Parliament debates UK Space Policy
Last Updated on Monday, 12 April 2010 15:34
Published on Thursday, 24 November 2005 00:00
In the run up to the inter-Ministerial meeting at ESA in December, Parliament debates the UK's Space Policy.
At a private member's debate in Westminster Hall on 23 November the following points were made:
- 15,000 people are employed in Britain in space-related jobs.
- The industry generates about £4 billion a year for the British economy
- However Britain spends £195 million a year on civil space activities. That is equivalent to about a penny per person per day. As a proportion of gross domestic product this places the UK 16th in the world
- The first objective of the Government's Space Policy is to maintain high-quality science.The second objective is to stimulate commercial use of space.The third objective is to seek to identify and support projects that most benefit the lives of citizens in the UK and the wider world
- The UK is committed to 'Galileo' as a key part of the infrastructure for a digital world
( RAS evidence to the Transport Committee of the House of Commons can be read here Galileo.pdf )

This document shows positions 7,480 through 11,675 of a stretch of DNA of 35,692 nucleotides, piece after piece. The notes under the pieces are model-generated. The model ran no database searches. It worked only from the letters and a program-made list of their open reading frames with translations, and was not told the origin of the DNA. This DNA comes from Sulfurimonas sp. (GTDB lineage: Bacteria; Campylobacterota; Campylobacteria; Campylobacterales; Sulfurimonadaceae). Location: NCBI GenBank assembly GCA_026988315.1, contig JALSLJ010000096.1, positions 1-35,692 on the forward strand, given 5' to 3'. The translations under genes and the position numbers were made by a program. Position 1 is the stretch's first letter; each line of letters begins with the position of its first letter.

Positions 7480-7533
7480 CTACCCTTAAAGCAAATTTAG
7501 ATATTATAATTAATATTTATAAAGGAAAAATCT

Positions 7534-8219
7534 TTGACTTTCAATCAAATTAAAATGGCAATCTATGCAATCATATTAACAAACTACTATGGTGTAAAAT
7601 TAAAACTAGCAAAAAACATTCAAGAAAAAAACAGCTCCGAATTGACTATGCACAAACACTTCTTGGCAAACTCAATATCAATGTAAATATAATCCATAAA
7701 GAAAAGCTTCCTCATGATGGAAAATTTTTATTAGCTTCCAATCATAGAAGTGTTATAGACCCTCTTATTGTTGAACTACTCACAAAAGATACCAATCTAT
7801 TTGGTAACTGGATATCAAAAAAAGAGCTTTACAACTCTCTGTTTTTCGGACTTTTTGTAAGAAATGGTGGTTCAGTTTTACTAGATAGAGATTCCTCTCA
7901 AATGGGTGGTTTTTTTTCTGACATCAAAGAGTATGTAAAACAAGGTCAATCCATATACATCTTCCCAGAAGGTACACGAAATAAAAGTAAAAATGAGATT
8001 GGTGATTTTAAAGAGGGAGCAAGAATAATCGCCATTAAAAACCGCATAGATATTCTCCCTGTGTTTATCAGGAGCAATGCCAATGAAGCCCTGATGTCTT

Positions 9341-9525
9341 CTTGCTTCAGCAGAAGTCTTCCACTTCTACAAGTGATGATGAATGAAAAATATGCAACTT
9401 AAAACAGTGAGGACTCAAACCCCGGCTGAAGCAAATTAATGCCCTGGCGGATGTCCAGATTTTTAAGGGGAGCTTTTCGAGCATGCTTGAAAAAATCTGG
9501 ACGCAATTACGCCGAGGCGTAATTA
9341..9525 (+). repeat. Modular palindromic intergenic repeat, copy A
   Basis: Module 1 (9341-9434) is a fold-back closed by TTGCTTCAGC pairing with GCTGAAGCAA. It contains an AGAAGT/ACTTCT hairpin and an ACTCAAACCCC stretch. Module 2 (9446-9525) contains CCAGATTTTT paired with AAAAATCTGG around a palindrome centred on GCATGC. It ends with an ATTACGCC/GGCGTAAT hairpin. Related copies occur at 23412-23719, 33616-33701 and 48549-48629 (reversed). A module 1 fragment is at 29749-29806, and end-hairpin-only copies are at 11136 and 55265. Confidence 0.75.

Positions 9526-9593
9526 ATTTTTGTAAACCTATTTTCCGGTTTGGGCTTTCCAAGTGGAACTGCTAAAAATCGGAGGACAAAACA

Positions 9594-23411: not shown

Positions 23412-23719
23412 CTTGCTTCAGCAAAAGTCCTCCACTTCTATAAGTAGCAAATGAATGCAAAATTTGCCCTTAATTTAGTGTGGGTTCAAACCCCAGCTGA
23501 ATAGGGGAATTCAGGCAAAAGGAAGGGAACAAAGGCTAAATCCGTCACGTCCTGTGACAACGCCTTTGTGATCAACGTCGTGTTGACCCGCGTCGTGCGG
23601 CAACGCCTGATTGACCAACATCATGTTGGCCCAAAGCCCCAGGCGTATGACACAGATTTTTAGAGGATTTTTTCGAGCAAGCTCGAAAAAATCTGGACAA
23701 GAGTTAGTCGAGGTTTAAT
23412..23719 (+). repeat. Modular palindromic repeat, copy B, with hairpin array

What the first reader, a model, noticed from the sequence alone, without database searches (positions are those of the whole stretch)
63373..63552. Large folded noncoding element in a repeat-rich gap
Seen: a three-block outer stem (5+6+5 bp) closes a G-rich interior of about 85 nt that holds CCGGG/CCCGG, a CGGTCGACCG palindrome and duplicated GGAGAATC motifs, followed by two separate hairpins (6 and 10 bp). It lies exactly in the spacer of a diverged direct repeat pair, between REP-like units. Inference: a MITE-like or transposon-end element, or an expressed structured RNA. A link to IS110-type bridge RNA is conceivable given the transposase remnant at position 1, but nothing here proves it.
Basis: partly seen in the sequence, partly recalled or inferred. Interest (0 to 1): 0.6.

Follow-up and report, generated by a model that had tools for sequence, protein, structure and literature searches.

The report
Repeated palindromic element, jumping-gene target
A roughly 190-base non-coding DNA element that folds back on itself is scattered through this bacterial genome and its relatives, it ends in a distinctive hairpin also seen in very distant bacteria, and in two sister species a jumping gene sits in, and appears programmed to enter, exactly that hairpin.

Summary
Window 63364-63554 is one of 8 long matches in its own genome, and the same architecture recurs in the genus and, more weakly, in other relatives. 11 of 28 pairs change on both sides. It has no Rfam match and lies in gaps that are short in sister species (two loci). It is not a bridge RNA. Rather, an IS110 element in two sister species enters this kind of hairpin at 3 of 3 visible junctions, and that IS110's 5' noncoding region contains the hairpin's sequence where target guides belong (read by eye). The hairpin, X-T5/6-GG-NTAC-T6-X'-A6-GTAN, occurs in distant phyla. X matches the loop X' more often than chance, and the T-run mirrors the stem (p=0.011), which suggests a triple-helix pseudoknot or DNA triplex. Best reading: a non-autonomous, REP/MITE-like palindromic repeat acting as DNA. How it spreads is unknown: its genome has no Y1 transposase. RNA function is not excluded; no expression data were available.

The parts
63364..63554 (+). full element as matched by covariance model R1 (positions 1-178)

The proceedings of the Space Policy debate can be read here
( The recent RAS commissioned review of the scientific case for Human Space Exploration was mentioned during the debate...
'I recently saw a Royal Astronomical Society report on the scientific case for human space exploration. It reads extremely well, but I urge the Minister not to be seduced by the idea that Britain should start investing in manned space exploration. We have not dedicated enough money to existing space activity, which has a much higher priority. I was the Minister who decided that we should not have an active role in the international space station, simply because it would have sucked out money disproportionately from every other activity. I was not convinced that it was good science anyway, and I believe that my successor, the noble Lord Sainsbury, has been grateful to me ever since'
( Ian Taylor MP, Minister for Space in John Major's government)
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